Interdisciplinary dialogue to assess coupled natural and human systems

Neha Gupta1, Emily V. Bell2

1Department of Hydrology and Atmospheric Sciences, The University of Arizona, Tucson, Arizona

2School of Government and Public Policy, Th University of Arizona, Tucson, Arizona

This study reviews socioecological linkages found in coupled natural and human systems of urban water governance. Coupled natural and human systems (CNH) are systems in which human and natural components are intertwined. Urban areas, in particular, are natural laboratories for CNH systems, and can be used to assess a number of issues such as the impact of stormwater infrastructure upon hydrological functioning. A study of CNH systems can unveil dynamic interactions between social components such as local governance and natural components such as hydrological responses to intense rainfall, in order to assess the impact of green infrastructure (GI) installation in urban areas. Evidence from these assessments informs policy and governance decisions designed to enhance sustainability, and can be adapted to suit the needs of various urban settings.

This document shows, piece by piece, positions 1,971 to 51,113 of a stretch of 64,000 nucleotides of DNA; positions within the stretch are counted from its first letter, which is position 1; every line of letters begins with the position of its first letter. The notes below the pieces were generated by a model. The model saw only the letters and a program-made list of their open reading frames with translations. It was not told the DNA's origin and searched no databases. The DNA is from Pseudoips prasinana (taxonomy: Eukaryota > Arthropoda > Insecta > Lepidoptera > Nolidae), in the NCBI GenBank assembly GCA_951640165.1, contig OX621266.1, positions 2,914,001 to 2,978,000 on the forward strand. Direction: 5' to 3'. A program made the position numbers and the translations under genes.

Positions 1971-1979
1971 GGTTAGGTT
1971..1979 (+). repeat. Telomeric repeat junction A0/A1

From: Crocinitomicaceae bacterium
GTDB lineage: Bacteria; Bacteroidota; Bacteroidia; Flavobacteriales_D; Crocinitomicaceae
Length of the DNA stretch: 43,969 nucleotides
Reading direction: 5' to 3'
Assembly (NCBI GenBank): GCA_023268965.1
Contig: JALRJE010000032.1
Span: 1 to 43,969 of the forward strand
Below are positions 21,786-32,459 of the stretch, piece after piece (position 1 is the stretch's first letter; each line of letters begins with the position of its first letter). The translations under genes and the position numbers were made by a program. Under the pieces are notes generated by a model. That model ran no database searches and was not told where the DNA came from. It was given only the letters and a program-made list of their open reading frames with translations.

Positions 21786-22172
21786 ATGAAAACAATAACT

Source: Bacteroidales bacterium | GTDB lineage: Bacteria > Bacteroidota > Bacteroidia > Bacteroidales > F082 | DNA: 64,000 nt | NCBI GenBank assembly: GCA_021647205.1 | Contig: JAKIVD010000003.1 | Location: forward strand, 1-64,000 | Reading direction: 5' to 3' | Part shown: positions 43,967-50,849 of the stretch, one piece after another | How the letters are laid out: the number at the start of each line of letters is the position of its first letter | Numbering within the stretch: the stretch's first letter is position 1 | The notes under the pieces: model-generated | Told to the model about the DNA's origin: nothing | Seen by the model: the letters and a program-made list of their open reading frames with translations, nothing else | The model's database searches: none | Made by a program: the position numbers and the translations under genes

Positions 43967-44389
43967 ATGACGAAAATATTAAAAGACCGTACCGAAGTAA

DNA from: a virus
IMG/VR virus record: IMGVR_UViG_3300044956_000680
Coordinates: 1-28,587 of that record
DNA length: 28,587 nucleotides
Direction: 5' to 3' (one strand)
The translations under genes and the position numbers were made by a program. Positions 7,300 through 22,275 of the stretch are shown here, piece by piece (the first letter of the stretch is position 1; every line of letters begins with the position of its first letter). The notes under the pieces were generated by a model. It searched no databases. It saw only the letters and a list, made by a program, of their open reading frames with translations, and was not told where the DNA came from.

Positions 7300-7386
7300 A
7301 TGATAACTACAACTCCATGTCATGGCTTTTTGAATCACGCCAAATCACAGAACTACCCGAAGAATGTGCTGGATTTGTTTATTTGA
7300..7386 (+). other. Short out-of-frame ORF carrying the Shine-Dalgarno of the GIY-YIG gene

Coupling within CNH systems also takes place across nested scales, ranging from the sub-lot scale to the regional and global scale (Liu et al., 2007).  Understanding hydrologic functioning at the lot scale through the watershed and regional scale is of particular importance when developing models to inform policy makers and community groups. Relevant stakeholders at local, regional, and state levels can use this knowledge to coordinate and address ecosystem challenges spanning jurisdictional boundaries.  Furthermore, policies and strategies informed by scientific evidence can benefits economic and social structures included in natural resource management.

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